Inequality and the Arts
There are currently 685 all-party parliamentary groups (APPGs) registered in the UK Parliament on topics from Afghanistan to Zoroastrianism. As the name suggests, they include representatives from the main political parties, and they span the House of Commons and the House of Lords. These groups meet informally to pursue their particular areas of interest, and they vary in their levels of activity.
The APPG on Arts, Health and Wellbeing was set up by Lord Howarth of Newport in 2014, to take stock of, and inform developments in, the fast-growing field of arts, health and wellbeing. Within a year, the group initiated an Inquiry which comprised 16 round-table discussions in the Palace of Westminster that brought parliamentarians together with health and social care professionals, service users, artists and researchers. These discussions addressed some of the most pressing themes in the field from health concerns such as dementia to mental health to the broader environment of policy, commissioning and devolution. The variety of practice highlighted during these discussions was matched by ideas for ways in which the field might develop.
My task was to combine this iterative process with desk-based research into pertinent policy and evidence alongside a call for examples of practice. This gave rise to a substantial report that was launched in Parliament in July 2017 called Creative Health: The Arts for Health and Wellbeing.
During the early stages of drafting Creative Health, we became aware of the increasing recognition being made of the social determinants of health. The World Health Organization (WHO) identifies the social determinants of health as the ‘conditions in which people are born, grow, live, work and age’ as a way of explaining widening health inequalities between and within countries, underpinned by an unequal distribution of money, power and resources. The WHO’s Commission on Social Determinants of Health published its findings in 2008 as Closing the Gap in a Generation: Health equity through action on the social determinants of health.
In the same year as the Commission reported, its Chair, Professor Sir Michael Marmot, was invited by the UK Secretary of State for Health to lead an independent review of evidence-based strategies for reducing health inequalities in England. This predicted devastating consequences if social inequalities remained unaddressed and caused Marmot to advocate the distribution of resources on a sliding scale across the social gradient, which he called ‘proportionate universalism’.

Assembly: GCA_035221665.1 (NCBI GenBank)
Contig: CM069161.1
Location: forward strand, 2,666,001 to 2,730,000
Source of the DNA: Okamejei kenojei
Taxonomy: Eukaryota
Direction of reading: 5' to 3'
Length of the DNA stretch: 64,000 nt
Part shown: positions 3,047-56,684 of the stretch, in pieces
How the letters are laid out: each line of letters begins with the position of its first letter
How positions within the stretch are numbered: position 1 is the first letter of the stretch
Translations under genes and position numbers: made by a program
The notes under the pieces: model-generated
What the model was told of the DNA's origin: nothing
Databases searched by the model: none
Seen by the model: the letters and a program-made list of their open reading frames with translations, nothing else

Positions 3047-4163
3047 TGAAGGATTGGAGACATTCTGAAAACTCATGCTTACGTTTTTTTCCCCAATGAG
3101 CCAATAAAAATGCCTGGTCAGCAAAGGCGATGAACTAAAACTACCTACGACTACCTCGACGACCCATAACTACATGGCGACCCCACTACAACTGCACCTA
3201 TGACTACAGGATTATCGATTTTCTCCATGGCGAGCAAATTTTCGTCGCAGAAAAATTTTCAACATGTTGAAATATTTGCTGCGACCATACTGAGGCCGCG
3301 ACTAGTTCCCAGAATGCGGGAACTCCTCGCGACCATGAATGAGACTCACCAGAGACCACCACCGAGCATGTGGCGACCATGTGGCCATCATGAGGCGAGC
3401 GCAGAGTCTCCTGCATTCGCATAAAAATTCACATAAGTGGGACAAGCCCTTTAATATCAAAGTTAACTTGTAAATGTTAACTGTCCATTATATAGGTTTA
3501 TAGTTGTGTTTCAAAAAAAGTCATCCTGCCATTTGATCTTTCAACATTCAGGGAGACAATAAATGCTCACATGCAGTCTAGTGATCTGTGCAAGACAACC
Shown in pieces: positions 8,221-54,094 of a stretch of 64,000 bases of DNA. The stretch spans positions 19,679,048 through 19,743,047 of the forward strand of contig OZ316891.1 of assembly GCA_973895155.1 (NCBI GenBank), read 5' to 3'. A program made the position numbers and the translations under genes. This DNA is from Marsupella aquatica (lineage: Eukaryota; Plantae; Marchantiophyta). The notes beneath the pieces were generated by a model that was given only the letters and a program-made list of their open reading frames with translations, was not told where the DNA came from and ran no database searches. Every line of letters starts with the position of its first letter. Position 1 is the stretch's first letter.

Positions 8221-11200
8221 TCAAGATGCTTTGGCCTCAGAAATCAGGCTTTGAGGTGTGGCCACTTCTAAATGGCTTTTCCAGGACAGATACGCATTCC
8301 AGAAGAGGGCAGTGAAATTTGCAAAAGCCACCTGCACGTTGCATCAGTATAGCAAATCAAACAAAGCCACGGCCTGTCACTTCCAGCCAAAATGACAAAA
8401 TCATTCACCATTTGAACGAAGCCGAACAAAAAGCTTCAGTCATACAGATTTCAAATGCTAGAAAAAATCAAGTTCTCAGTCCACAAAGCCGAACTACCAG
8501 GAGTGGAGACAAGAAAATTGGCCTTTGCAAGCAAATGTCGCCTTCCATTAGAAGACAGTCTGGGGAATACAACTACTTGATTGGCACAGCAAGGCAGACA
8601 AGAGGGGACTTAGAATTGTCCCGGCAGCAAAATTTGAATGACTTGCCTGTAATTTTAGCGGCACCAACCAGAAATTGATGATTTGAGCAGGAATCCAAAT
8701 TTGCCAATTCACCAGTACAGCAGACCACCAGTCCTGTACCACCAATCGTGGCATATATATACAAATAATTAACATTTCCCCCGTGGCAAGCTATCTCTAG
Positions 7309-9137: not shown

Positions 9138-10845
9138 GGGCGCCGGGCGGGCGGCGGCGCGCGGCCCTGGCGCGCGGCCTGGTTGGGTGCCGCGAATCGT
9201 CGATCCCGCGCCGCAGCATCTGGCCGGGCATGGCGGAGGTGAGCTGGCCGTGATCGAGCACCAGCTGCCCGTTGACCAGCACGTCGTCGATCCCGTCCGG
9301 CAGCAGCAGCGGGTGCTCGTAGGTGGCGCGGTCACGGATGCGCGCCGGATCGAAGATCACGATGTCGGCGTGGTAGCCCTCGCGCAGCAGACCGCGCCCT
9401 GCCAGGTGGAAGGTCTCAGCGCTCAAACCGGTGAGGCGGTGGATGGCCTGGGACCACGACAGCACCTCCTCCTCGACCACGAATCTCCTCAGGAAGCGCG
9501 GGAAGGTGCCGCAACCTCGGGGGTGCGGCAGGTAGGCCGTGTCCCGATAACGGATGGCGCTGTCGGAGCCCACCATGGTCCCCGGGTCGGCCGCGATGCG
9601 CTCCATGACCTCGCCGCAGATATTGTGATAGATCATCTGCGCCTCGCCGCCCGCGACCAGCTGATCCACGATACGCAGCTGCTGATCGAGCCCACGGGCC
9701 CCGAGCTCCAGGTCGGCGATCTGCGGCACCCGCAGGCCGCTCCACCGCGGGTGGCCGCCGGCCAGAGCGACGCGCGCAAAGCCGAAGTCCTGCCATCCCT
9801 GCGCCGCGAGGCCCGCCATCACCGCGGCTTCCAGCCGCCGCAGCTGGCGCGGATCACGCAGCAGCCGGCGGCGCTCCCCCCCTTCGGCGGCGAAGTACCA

In an editorial for Arts & Health journal, three board members of the Royal Society for Public Health’s Special Interest Group on Arts, Health and Wellbeing welcomed the work of the Commission while noting that the arts were conspicuous by their absence from its published guidance. With this in mind, Creative Health aimed to bridge the gap between an embrace of strategies tackling the social determinants of health and an acknowledgement of the role the arts can play.
As our paper The arts and the social determinants of health: findings from an inquiry conducted by the United Kingdom All-Party Parliamentary Group on Arts, Health and Wellbeing published in Arts & Health in January 2019 shows, arts engagement can mitigate the social determinants of health by influencing perinatal mental health and child cognitive development; shaping educational and employment opportunities and compensating for work-related stress; building individual resilience and enhancing communities. We noted with interest that people accessing the arts through health routes tended to be from disadvantaged and marginalised groups, which reversed the usual trend for engagement in publicly funded arts activities. In a reciprocal relationship, the arts provide a route to better health and wellbeing while health provides a route to the arts that can help to overcome persistent inequalities of access. We made the case that arts and health activities often inadvertently conform to the model of proportionate universalism. We hope these arguments will be persuasive to health and cultural policy-makers alike.
The original research paper, The arts and the social determinants of health: findings from an inquiry conducted by the United Kingdom All-Party Parliamentary Group on Arts, Health and Wellbeing is free to access until 19th April 2019.
Having worked for more than a decade as a curator of international contemporary art, Dr Rebecca Gordon-Nesbitt turned her attention to exploring the individual and social value of creative practice. Her seven-year study of the cultural policy of the Cuban Revolution was published in 2015, and a selection of other writing is available at shiftyparadigms.org.
As part of the Arts and Humanities Research Council Cultural Value Project, Rebecca analysed research, conducted in the Nordic countries, which seemed to suggest an association between arts engagement and longer lives better lived. From a base at King’s College London, she conducted research for an Inquiry instigated by the All-Party Parliamentary Group on Arts, Health and Wellbeing, which gave rise to a report with recommendations launched in Parliament in July 2017. She is currently reviewing the past decade of activity in the field of arts and older people for the Baring Foundation.